“The PolyMet decision of adequacy was great news. For those of us on the Range who have had to watch friends and neighbors get laid off and have to fight tooth and nail for their unemployment benefits — this is a very welcome moment. A breath of fresh air. Good news we’ve been waiting for,” said state Sen. David Tomassoni, DFL-Chisholm.

“I’m glad the DNR and the citizens of Minnesota have produced a thorough Environmental Impact Statements it means we can move forward with the permitting process knowing the state did its due diligence to vet this project.” State Rep. Tom Anzelc, DFL-Balsam Lake, said the permitting process has to be more streamlined.

“I give Gov. Dayton a lot of credit for the work he has already done to streamline the permitting process. But 10 years of review for a project that creates 300 jobs is just too long. I will continue to work with Gov. Dayton to bring sensible reforms to the permitting process,” he said.

“I fully support the PolyMet project and applaud the DNR for reaching this conclusion today. The environmental review process on PolyMet has been the longest in state history. More than 90,000 hours of staff time has made this one of the most scrutinized mining projects in the country,”said Rep. Rob Ecklund, DFL-International Falls.

Mining exploration leases approved by Minnesota Executive Council

Three mining companies looking for gold, silver, copper and other valuable metals in northern Minnesota were awarded exclusive rights to prospect on state-owned tracts thanks to action by top state officials Wednesday.

The state’s Executive Council voted 4-1 to approve the so-called minerals lease bids by the companies for 43 tracts totaling 16,348 acres under which the state Department of Natural Resources holds the mineral rights.

The companies submitted bids in November for areas where they believe valuable minerals might be located and where they may (or may not) conduct prospecting, such as seismic testing or even drilling to sample minerals in rock far below the surface.

In exchange for small annual lease payments, the winning bidder for each tract gets exclusive rights to explore on the land for up to 50 years, as long as they keep paying and keep looking. If mining ever occurs, the companies must also pay royalty fees to the state.

The bids were approved earlier by the DNR but also must be approved by the Executive Council, which includes Gov. Mark Dayton, Lt. Gov. Tina Smith, Attorney General Lori Swanson, State Auditor Rebecca Otto and Secretary of State Steve Simon.

Otto, who raised concerns about the state’s long-term financial risk and the DNR’s conflicting dual roles of promoting and regulating mining, was the only dissenting vote.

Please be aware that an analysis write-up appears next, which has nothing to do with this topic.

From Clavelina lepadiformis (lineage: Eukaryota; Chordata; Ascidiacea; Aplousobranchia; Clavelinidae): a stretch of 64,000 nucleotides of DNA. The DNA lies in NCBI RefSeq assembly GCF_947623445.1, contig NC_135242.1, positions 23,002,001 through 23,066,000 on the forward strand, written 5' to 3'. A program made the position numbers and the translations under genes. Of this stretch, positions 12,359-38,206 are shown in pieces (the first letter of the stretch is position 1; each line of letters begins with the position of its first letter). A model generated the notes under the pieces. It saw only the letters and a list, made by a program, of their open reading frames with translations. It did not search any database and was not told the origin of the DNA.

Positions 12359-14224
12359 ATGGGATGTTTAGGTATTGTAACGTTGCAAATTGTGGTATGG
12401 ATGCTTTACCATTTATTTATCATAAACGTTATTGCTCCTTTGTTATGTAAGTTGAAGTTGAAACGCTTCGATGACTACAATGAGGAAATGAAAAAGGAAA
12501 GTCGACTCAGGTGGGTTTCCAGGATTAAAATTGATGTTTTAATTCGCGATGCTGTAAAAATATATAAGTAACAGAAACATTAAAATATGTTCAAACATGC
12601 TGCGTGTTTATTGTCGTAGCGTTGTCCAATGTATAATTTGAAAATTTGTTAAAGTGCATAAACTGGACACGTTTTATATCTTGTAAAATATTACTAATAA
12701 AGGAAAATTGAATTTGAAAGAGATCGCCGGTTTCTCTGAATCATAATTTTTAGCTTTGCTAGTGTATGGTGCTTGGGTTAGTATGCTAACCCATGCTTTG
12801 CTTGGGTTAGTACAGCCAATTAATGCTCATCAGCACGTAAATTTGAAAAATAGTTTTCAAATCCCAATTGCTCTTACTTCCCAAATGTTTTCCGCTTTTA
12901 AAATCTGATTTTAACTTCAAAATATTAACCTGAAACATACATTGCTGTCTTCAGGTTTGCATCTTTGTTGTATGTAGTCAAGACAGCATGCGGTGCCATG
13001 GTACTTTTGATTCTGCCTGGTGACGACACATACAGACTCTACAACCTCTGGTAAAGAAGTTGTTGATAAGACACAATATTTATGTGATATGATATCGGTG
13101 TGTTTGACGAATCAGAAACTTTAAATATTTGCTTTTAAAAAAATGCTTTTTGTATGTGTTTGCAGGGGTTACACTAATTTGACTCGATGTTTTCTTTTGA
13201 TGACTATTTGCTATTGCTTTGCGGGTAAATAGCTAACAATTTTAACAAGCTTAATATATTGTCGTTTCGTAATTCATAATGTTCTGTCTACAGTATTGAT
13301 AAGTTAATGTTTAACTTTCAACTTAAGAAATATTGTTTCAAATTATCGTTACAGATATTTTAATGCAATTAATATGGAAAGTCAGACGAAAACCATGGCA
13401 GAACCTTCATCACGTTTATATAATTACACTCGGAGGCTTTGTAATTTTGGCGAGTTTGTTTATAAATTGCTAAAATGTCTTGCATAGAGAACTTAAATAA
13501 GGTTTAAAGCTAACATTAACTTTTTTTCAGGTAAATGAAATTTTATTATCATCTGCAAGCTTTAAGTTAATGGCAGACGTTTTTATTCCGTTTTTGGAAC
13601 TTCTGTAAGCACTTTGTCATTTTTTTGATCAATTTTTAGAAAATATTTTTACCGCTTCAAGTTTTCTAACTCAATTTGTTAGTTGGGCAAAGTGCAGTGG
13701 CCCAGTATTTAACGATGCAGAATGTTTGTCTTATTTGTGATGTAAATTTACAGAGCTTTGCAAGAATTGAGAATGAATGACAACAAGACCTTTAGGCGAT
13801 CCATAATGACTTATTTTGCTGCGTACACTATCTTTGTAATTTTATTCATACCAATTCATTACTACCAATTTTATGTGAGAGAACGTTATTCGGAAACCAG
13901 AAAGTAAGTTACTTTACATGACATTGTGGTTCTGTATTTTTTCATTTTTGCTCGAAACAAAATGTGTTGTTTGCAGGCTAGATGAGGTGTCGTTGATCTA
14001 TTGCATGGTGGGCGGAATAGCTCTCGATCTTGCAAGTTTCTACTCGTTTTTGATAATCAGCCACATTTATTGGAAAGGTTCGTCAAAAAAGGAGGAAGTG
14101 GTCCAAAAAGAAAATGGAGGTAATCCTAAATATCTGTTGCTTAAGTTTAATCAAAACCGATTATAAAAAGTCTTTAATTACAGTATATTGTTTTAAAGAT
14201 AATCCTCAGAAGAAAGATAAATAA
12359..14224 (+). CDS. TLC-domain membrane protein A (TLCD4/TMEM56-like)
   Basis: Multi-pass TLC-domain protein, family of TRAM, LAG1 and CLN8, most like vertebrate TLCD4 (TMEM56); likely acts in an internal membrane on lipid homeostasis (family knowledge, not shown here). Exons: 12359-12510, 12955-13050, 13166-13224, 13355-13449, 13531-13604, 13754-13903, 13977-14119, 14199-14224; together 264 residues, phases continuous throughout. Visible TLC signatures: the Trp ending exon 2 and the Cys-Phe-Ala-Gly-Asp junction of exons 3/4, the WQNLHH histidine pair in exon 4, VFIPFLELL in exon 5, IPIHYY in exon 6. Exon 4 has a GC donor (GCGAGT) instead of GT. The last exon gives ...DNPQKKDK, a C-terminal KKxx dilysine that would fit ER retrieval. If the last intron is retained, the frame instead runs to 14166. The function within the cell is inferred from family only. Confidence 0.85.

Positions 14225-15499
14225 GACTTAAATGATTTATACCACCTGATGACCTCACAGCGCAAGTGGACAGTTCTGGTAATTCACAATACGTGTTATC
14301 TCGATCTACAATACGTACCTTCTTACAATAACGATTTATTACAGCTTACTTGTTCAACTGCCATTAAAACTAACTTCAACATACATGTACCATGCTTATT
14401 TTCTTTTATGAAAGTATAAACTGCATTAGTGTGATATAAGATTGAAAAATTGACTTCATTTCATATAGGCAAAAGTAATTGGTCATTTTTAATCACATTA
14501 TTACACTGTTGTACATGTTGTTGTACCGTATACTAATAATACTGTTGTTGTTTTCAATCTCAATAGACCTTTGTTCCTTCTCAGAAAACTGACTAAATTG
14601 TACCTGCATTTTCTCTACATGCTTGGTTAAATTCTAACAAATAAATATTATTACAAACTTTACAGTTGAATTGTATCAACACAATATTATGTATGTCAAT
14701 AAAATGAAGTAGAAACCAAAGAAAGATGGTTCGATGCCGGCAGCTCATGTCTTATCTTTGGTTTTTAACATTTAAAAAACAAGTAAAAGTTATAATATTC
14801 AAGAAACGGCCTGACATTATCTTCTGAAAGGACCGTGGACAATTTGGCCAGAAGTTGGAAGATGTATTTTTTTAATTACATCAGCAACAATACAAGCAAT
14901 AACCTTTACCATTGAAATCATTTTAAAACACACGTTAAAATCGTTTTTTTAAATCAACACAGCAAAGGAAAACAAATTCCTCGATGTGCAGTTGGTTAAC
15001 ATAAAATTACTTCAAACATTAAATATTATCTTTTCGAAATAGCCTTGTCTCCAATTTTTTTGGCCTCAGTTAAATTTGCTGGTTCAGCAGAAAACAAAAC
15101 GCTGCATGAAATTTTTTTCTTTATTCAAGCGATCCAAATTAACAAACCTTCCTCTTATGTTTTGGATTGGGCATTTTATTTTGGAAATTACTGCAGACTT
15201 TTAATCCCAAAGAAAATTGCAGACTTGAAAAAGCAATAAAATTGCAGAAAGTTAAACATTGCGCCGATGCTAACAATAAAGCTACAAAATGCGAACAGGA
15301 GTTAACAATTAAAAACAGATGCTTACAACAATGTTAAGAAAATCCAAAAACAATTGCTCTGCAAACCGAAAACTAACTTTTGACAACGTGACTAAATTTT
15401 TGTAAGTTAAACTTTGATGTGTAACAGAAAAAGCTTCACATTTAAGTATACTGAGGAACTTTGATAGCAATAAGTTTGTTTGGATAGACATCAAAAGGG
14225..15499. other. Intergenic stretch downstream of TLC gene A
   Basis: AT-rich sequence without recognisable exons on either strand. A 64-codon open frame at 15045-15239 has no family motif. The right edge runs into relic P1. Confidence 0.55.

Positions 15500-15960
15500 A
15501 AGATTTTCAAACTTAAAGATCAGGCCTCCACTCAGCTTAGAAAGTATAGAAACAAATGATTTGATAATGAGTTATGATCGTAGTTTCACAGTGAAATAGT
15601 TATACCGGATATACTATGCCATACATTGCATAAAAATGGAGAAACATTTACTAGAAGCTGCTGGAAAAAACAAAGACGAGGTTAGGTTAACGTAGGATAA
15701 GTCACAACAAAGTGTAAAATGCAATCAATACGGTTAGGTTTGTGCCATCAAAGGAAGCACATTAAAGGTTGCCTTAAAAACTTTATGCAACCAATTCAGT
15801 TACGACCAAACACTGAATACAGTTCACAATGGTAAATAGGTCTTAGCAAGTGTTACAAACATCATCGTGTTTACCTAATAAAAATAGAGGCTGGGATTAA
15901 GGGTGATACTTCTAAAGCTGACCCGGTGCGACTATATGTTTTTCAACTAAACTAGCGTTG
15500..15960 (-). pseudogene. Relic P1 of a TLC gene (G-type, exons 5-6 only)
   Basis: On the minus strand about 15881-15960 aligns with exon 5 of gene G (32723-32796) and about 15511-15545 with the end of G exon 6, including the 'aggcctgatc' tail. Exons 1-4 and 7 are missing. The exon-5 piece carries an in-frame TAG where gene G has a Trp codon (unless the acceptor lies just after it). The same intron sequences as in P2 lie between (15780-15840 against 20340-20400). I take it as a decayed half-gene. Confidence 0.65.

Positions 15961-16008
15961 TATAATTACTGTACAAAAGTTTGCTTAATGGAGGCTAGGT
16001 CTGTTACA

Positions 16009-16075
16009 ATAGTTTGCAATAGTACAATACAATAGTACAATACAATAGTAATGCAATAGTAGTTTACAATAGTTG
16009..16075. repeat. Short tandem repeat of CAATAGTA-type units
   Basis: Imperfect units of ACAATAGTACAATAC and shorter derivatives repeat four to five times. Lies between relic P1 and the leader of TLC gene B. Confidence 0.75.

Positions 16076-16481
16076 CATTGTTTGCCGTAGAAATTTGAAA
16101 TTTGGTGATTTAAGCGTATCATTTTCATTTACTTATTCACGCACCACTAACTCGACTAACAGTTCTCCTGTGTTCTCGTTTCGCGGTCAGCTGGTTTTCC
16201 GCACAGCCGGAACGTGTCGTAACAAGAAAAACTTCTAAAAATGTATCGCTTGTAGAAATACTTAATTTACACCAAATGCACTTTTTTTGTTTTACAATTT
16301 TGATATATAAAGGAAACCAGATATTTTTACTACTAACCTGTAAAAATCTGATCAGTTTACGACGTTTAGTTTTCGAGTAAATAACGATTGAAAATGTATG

Most of the land leased, 11,628 acres, is in Koochiching County where Colorado-based AngloGold Ashanti is looking for gold.

Arizona-based Kennecott, a subsidiary of global mining giant Rio Tinto, bid on three tracts totaling 1,440 acres in Aitkin County near the company’s so-called Tamarack project where geologists have found a deposit of apparently high-quality copper.

Atlanta-based Encampment Minerals bid on seven units in St. Louis County totaling 3,280 acres.

Minneapolis-based Vermilion Gold had bid on four parcels totaling 1,388 acres in Itasca County but pulled its bids and the leases were not awarded.

No bids were made on 130 other tracts the DNR offered last year on an additional 71,000 acres of land in Aitkin, Carlton, Itasca, St. Louis and Kanabec counties.

Several environmental activists testified at Wednesday’s council meeting, focusing on the scope of mining exploration and the lack of public input.

The DNR has opened up lands for potential mining “from Lake of the Woods to the North Shore and from Mille Lacs to the Boundary Waters,” said Paula Maccabee, attorney for Water Legacy, after the meeting. “It’s true that most of these won’t actually see drilling. But we are leaving that decision up to the mining companies — based on what they find or whether they have enough money — without any community discussion on where mining should and shouldn’t occur in northern Minnesota.”

The DNR notes that buying the right to explore for minerals is far from actual mining or even test drilling. Only about 2.4 percent of the mineral lease sites ever see any actual test drilling. So far, none have been mined. Before a state-owned parcel can be mined, the leaseholder must comply with all legal requirements for environmental review and permitting.

Most of the tracts leased for exploration are for mineral rights under state-owned school trust fund or tax-forfeited land, although 31 parcels are owned by private citizens. DNR officials said all of them have been notified of the mining exploration leases.

Dayton urged opponents to meet with DNR mining officials to discuss their concerns “and we’re certainly willing to do that,” said Jess Richards, director of the DNR’s Lands and Minerals Division.

This was the DNR’s 34th nonferrous mineral lease since the program began in 1966.

“We have held them about every year or every other year, except during” the state’s copper mining moratorium in the 1970s and ’80s, Richards said.

The DNR says the companies are looking for nonferrous (non-iron) minerals such as copper, nickel, platinum, palladium, gold, silver, cobalt, chromium, zinc, lead, bismuth, tin, tungsten, tantalum and niobium.